Would either of these be worth an upgrade over my Denon 2313?
 

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Only way to find out is to try one. That NAD T758 is an awesome AVR. MDC in it is nice although it seems what card you want to change out can be expensive. Real claimed AC power rating gives them an edge over some AVR's but not all. Purchase one and try it out in your room is the only real way to find out. Don't notice a difference over your current AVR worth the cost send it back. I think you'll like the difference, but I am biased as I don't like Denon's. Tried em in my room and could not get the sound I liked from different models. Never tried XT32 and maybe it was my fault but did not like them. Always preferred Yamaha's until I set up my H/K 7550HD and then have been hooked on it. NAD's also sound very good to me. If they play music very good then movies are easy. H/K's and NAD's domusic very well to me. JMHO. Others will say different and that's ok too.
 

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Quote:
Originally Posted by markus767  /t/1522181/the-best-receiver-without-room-correction#post_24472467


^

An AVR with Audyssey XT32 would be an upgrade.

OP wants an AVR without room EQ. Yes XT32 may be an upgrade but thats not what he wants. Not everyone is into room correction even though it may help. How many here and elsewhere have purchase high dollar AVR's with the best room EQ and then turn it off to listen to music or use them in Pure Direct. If your are buying an AVR for its EQ program I feel its the wrong reason.
 

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Quote:
Originally Posted by phantom52  /t/1522181/the-best-receiver-without-room-correction#post_24472499


If your are buying an AVR for its EQ program I feel its the wrong reason.

I disagree. Room EQ is the ONLY reason to buy a certain AVR/processor. There's no night and day difference in sound quality between AVRs other than room correction. Sound quality is in the speaker/room interface not in electronics anymore. Digital room correction can help (not saying all solutions do).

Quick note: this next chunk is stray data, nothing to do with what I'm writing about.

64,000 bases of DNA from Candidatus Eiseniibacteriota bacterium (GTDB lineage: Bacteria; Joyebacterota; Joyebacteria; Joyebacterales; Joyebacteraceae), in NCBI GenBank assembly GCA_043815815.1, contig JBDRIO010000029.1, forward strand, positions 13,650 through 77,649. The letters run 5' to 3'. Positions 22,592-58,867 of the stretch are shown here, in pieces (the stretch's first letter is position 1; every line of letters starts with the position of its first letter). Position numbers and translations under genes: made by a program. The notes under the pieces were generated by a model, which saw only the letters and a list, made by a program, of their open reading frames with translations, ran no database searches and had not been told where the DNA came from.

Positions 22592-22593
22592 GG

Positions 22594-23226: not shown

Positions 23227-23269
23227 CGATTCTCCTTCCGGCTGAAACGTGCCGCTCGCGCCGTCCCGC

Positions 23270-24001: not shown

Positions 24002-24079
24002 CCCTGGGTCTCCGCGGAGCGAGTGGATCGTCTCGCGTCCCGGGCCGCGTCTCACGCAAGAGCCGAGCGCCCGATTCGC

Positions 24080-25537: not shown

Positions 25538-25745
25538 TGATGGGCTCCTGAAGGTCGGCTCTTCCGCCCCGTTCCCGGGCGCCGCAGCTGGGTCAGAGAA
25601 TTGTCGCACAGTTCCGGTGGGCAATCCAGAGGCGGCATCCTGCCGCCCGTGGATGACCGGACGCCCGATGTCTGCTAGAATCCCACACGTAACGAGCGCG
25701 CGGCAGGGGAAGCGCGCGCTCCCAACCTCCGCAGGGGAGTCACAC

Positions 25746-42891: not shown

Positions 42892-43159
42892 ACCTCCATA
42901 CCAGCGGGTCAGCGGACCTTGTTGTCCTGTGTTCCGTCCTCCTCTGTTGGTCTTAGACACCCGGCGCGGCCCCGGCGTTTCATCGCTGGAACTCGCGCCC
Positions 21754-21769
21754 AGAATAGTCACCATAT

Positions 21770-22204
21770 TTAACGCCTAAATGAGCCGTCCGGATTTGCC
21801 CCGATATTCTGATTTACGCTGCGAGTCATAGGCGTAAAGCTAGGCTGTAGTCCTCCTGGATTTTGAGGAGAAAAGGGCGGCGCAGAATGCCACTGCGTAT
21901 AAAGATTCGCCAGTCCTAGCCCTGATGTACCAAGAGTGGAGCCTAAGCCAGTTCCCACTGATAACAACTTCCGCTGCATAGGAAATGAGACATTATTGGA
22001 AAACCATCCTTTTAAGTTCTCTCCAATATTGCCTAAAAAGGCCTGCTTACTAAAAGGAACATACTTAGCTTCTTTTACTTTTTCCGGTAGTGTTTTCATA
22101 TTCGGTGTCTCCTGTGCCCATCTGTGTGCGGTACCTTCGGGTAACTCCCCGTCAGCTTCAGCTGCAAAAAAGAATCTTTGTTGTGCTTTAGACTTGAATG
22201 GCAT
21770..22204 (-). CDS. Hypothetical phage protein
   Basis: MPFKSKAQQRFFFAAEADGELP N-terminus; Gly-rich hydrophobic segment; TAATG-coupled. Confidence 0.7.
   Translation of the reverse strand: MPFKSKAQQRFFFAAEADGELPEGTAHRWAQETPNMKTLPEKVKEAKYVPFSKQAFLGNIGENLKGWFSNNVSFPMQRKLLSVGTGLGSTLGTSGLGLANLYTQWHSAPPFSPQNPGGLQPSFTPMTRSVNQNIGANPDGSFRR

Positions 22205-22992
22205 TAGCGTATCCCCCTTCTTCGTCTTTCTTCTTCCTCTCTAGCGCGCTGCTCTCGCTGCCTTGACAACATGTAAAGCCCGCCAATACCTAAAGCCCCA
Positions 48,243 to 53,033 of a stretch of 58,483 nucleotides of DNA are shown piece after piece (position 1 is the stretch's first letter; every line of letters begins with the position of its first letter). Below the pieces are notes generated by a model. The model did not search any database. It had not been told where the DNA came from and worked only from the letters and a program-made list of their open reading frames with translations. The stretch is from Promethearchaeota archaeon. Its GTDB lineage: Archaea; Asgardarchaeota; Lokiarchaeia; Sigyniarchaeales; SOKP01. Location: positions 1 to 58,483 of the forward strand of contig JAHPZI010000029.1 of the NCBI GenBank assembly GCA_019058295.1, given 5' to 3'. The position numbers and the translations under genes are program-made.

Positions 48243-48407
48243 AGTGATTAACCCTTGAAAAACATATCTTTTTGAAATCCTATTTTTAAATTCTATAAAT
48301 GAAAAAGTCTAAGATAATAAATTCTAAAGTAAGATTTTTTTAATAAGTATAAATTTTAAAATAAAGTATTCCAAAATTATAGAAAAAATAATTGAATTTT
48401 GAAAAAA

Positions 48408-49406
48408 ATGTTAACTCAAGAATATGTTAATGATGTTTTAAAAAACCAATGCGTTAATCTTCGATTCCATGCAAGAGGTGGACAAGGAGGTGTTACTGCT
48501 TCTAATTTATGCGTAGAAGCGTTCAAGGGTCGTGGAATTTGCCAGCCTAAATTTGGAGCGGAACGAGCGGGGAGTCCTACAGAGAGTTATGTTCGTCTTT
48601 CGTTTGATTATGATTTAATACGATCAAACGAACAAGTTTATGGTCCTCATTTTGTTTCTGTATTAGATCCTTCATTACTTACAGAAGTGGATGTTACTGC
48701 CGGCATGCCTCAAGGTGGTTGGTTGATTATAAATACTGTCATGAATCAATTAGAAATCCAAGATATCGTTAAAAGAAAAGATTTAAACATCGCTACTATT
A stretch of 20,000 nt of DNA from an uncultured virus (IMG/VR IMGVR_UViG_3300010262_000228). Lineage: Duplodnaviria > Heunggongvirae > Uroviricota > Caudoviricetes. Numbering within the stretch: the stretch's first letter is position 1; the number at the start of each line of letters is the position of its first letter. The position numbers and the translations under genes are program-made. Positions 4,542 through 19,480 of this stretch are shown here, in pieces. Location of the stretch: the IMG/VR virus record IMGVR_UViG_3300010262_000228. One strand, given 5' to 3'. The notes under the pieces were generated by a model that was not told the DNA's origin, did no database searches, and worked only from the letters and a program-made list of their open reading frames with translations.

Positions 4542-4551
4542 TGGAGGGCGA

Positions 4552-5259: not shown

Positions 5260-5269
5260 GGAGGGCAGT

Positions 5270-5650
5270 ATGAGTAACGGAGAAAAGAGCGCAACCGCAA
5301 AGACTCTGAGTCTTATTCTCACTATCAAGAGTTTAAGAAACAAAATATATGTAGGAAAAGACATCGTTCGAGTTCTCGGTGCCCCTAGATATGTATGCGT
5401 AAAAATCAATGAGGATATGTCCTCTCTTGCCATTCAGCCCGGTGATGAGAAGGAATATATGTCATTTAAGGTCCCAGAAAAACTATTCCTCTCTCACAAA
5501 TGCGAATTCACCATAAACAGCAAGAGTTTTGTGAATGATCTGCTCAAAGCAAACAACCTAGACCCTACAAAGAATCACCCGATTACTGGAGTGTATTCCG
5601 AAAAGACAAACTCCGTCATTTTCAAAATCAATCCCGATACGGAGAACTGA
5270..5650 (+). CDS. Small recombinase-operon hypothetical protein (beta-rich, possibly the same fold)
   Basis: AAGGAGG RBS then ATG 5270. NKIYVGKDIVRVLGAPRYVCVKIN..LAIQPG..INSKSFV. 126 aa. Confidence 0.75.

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Quote:
I disagree. Room EQ is the ONLY reason to buy a certain AVR/processor.

And I disagree. I bought a Yamaha. It doesn't have the best EQ system, but I don't care. Onkyos have better REQ system, but have not as good sound quality and relibability.


Also you may only want to EQ sub channel, or leave it off off for the 5.0 speakers and just EQ the sub.
 

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Quote:
Originally Posted by fatbottom  /t/1522181/the-best-receiver-without-room-correction#post_24472580

Quote:
I disagree. Room EQ is the ONLY reason to buy a certain AVR/processor.

And I disagree. I bought a Yamaha. It doesn't have the best EQ system, but I don't care. Onkyos have better REQ system, but have not as good sound quality and relibability.

Based on what?
 

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Quote:
Originally Posted by fatbottom  /t/1522181/the-best-receiver-without-room-correction#post_24472580


And I disagree. I bought a Yamaha. It doesn't have the best EQ system, but I don't care. Onkyos have better REQ system, but have not as good sound quality and relibability.


Also you may only want to EQ sub channel, or leave it off off for the 5.0 speakers and just EQ the sub.

What is "better" REQ? Onkyo offers AVRs with at least 3 different REQ implementations. And if the REQ is "better", how can they sound "worse"?

How do you measure reliability? You seem to have data nobody else has.

How did you come to the conclusion that one brand sounds better than another brand? Last time I've measured I couldn't find any significant difference between Onkyo, Denon or Emotiva. Do you believe there's a magic property of an AVR that can't be measured?
 

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Onkyo HDMI problems? Over heating?


Yamaha's are bullet proof, good sounding, reliable av amplifiers. I'd choose HK, NAD, Yamaha, Arcam over Sony, Pioneer, Onkyo. Only had one Denon unit, seemed a bit thin sounding.
 

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Quote:
Originally Posted by fatbottom  /t/1522181/the-best-receiver-without-room-correction#post_24472659


Onkyo HDMI problems? Over heating?


Yamaha's are bullet proof, good sounding, reliable av amplifiers. I'd choose HK, NAD, Yamaha, Arcam over Sony, Pioneer, Onkyo. Only had one Denon unit, seemed a bit thin sounding.

I don't bite. Arny, you have more time on your hands than me